Plaza Towers victims: A parent remembers
MOORE, Okla. (KOKH) —
If you ever got to watch Sydney Angle play ball, there's a good chance you would have seen her singing and dancing while on the field.
"It didn't matter whether it was in school or softball or at home. She wanted to be having fun. And she did," said her mother, Nicole Angle. "And she loved life."
Sydney was the baby of the family, the youngest of three children.
"She would've just turned 14."
Sydney was among seven children killed inside Plaza Towers Elementary five years ago, as a third grade classroom crumbled in an EF5 tornado.
"Some days it's, 'Has it really been five years?'" said Angle. "But then when I count the days the years without her, the time seems like forever."
What hasn't passed is the anger that Angle and other parents felt over moments right after the storm. Moments of uncertainty and chaos. Unsure whether their children were still alive.
"I think about how many hours we didn't know and how many hours we went by without any answers."
After three years of litigation, Moore Public Schools settled with those families, paying them $14,000 dollars each. Angle can't talk about settlement, but does say she's pleased with the memorial now in front of the new Plaza Towers.
We asked Angle how she's different now as a mother. "I don't take anything for granted," she said.
"One of the hardest things was the silence," she said, reflecting on how her small home had always been filled with the sounds of three children, laughing, arguing, sometimes yelling. She said, "It's one thing I think so many parents take for granted is the background noise."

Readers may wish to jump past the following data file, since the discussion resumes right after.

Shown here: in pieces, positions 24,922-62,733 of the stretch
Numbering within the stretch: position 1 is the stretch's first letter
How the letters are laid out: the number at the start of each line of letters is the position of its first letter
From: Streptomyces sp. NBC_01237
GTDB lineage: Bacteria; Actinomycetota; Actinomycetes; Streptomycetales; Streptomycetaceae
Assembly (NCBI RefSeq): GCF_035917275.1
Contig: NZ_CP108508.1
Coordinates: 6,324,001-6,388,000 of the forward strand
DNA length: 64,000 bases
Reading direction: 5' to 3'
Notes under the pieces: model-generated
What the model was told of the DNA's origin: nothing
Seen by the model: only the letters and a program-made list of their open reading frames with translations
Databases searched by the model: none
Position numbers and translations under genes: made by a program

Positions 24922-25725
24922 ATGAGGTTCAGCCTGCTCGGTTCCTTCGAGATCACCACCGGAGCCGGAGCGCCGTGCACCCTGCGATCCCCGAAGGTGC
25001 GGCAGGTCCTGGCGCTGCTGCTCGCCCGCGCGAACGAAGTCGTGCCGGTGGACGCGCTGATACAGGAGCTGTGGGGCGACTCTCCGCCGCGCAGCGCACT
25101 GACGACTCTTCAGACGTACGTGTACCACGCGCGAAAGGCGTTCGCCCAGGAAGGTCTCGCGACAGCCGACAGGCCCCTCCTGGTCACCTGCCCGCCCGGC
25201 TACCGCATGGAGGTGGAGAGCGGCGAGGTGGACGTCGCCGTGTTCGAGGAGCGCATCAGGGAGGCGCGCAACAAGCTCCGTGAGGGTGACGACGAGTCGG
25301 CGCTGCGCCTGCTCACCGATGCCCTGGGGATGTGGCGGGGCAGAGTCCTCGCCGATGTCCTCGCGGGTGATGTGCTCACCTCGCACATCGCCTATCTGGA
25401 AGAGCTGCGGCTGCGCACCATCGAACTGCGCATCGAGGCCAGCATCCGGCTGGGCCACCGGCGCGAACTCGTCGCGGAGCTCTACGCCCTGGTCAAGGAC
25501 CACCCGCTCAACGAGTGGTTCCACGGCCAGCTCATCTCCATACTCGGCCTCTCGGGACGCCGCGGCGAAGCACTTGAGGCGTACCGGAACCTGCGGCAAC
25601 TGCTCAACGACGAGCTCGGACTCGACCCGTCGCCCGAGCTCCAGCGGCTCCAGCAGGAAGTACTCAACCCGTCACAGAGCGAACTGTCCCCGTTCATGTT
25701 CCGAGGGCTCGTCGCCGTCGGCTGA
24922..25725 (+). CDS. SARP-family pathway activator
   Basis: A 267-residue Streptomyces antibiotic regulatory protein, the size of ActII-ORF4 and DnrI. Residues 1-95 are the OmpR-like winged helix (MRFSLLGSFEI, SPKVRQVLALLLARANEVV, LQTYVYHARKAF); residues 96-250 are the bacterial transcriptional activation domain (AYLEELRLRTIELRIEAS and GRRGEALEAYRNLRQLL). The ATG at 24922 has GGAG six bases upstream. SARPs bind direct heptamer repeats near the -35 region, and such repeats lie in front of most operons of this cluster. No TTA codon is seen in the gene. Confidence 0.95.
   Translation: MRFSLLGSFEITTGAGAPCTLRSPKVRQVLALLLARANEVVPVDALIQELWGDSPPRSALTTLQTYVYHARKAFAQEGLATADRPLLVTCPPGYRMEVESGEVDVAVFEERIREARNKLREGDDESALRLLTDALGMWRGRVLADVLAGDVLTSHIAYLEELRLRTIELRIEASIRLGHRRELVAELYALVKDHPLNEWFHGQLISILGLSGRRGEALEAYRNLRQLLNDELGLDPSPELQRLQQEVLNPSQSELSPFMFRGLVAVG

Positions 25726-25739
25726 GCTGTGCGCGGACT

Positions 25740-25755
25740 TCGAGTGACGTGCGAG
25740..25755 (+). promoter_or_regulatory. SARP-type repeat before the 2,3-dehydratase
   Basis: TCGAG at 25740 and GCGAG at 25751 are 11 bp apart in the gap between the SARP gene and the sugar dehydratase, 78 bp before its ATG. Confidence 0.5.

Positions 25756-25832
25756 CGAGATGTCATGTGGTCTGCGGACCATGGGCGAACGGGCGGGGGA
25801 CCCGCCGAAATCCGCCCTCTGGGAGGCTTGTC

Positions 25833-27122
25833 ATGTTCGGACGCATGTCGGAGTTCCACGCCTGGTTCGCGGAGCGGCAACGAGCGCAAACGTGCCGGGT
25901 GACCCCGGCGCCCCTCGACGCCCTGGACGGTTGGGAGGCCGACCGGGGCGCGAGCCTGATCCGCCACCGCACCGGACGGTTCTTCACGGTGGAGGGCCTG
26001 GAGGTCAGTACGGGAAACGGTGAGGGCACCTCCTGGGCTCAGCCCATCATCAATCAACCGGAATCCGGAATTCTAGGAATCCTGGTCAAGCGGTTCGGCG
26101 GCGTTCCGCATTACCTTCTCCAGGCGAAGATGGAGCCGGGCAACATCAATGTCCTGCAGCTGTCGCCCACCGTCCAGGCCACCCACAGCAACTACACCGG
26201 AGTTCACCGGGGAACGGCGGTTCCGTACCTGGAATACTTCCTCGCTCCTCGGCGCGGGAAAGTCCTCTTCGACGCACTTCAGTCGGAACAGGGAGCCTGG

While Sydney is gone, her story is not yet finished. An annual softball tournament in memory of the little girl who dreamed of being a pitcher has helped award 26 scholarships so far.
It's an unexpected joy in Angle's life now. Finding joy again took time.
"I was just outright angry with God, because I felt like he stole from me," said Angle.
Her faith though, never wavered, eventually bringing her new understanding.
"He borrowed me an amazing little girl for nine years," Angle said. "It could've been less. And it could've been more. But He let me have her for nine years. There was just a day when I knew it was time to stop being angry," she said. "And I had to unpack a few boxes to find the Bible I had buried,"
Five years after tragedy, a family still grieves. But in Sydney's story, they say is a lesson to all of us to live a little more like Syd did.
"How often do people play? And dance? And sing? And put that much love into everything?" asked Angle. "She lived life the way we're supposed to."
Learn more about the Sydney Angle Memorial Foundation website here --